of the castle in the vicinity of Higney Grange. The medieval Church of St
Andrew's stands in isolation, in the area between the moated site and the
castle, and was presumably located thus in order to serve both parts of the
settlement.

All fences and fenceposts within the area of the monument are excluded from
the scheduling, as are the posts which carry an electricity cable across the
site, the ground beneath these features is, however, included.

MAP EXTRACT
The site of the monument is shown on the attached map extract.

Source: Historic England

Reasons for Scheduling

Around 6,000 moated sites are known in England. They consist of wide ditches,
often or seasonally water-filled, partly or completely enclosing one or more
islands of dry ground on which stood domestic or religious buildings. In some
cases the islands were used for horticulture. The majority of moated sites
served as prestigious aristocratic and seigneurial residences with the
provision of a moat intended as a status symbol rather than a practical
military defence. The peak period during which moated sites were built was
between about 1250 and 1350 and by far the greatest concentration lies in
central and eastern parts of England. However, moated sites were built
throughout the medieval period, are widely scattered throughout England and
exhibit a high level of diversity in their forms and sizes. They form a
significant class of medieval monument and are important for the understanding
of the distribution of wealth and status in the countryside. Many examples
provide conditions favourable to the survival of organic remains.

The moated site at Woodwalton survives well. The circuit of the moat is
complete and shows little sign of modern disturbance. The fills within the
moat will contain valuable artefactual evidence related to the period of
occupation, and environmental evidence illustrating the appearance of the
landscape in which the monument was set. The island contains visible and
buried evidence for a variety of structures which will represent the character
of the settlement. These include the sites of the main dwelling and various
ancillary buildings, and also a particularly interesting internal moated
feature. The fishponds on the island are a significant illustration of the
economy and status of the site. Ponds of this type are a characteristic
feature of a wide range of medieval settlements. The artifical pools were
constructed for the purpose of cultivating, breeding and storing fish in order
to provide a constant and sustainable food supply. On sites such as
Woodwalton, the moat itself would almost certainly have served as part of the
system, although smaller ponds, sometimes clustered together, would have been
used to rear the fry and to separate stocks of differing age or species. The
difficulty of obtaining fresh meat throughout the year was only one reason for
the development of fishponds. The ponds also enabled compliance with religious
dietary requirements (eating fish on Fridays) and served as a status symbol,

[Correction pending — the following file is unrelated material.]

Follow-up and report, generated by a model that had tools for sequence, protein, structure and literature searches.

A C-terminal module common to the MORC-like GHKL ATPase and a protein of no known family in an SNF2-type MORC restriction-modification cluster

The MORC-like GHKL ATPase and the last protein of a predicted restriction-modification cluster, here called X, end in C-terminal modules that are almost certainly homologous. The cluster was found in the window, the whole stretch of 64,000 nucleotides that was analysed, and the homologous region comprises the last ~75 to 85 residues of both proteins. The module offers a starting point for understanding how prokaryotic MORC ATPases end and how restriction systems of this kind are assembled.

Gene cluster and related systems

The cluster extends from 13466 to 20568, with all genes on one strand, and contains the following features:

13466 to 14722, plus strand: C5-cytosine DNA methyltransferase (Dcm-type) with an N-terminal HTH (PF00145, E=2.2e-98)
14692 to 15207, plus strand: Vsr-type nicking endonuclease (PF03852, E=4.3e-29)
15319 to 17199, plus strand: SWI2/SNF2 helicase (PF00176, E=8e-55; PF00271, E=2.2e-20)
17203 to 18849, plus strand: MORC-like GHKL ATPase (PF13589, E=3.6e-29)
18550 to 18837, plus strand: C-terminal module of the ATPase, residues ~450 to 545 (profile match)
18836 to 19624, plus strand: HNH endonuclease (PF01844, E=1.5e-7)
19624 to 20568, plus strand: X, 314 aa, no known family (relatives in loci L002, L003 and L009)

enhancing the prestige of the household.
The visible and buried remains of the small fishpond complex at Woodwalton
moated site is a good example of a small nucleated pond group. The silts
within the ponds will retain further artefactual and environmental evidence
related to the period of use.
The mill mound is also an significant indication of the site's economy.
Windmills of the medieval period were wooden structures mounted on central
posts attached to cross timbers embedded in earthen mounds for stability. The
superstructure was rotated to face into the wind by pushing a pole projecting
from the mill on the opposite side to the sails, the end of which was often
supported by a wheel which left a characteristic channel around the mound. The
appearance of the superstructure is only known from documentary evidence as no
medieval examples have survived. The mounds sometimes remain and those, such
as Woodwalton, which are found in association with contemporary monuments are
considered nationally important. The mill mound at Woodwalton retains
evidence for the position of the central post and will contain further
evidence for the structure on which the windmill was mounted. Its presence
signifies part of the agricultural role of the settlement and, as mills were
often controlled by manorial lords, has implications for the social standing
of the moated site.

Source: Historic England

Sources

Books and journals
Hall, D, Fenland Research, (1984), 6
Ladds, S I, The Victoria History of the County of Huntingdon, (1926), 305-7
Ladds, S I, The Victoria History of the County of Huntingdon, (1926), 298
Ladds, S I, The Victoria History of the County of Huntingdon, (1926), 305-7
Brown, A E, Taylor, C C, 'Proc Cambs Antiq Soc' in Cambridgeshire Earthwork Surveys: III, (1978), 63-4
Brown, A E, Taylor, C C, 'Proc Cambs Antiq Soc' in Cambridgeshire Earthwork Surveys: III, (1978), 63-4
Other
Paterson, H, AM 107 Field Monument Warden's Report (SAM 178), (1987)
RCHME, Inventory of the Historic Monuments of Huntingdon, (1926)
RCHME, Inventory of the Historic Monuments of Huntingdon, (1926)

Source: Historic England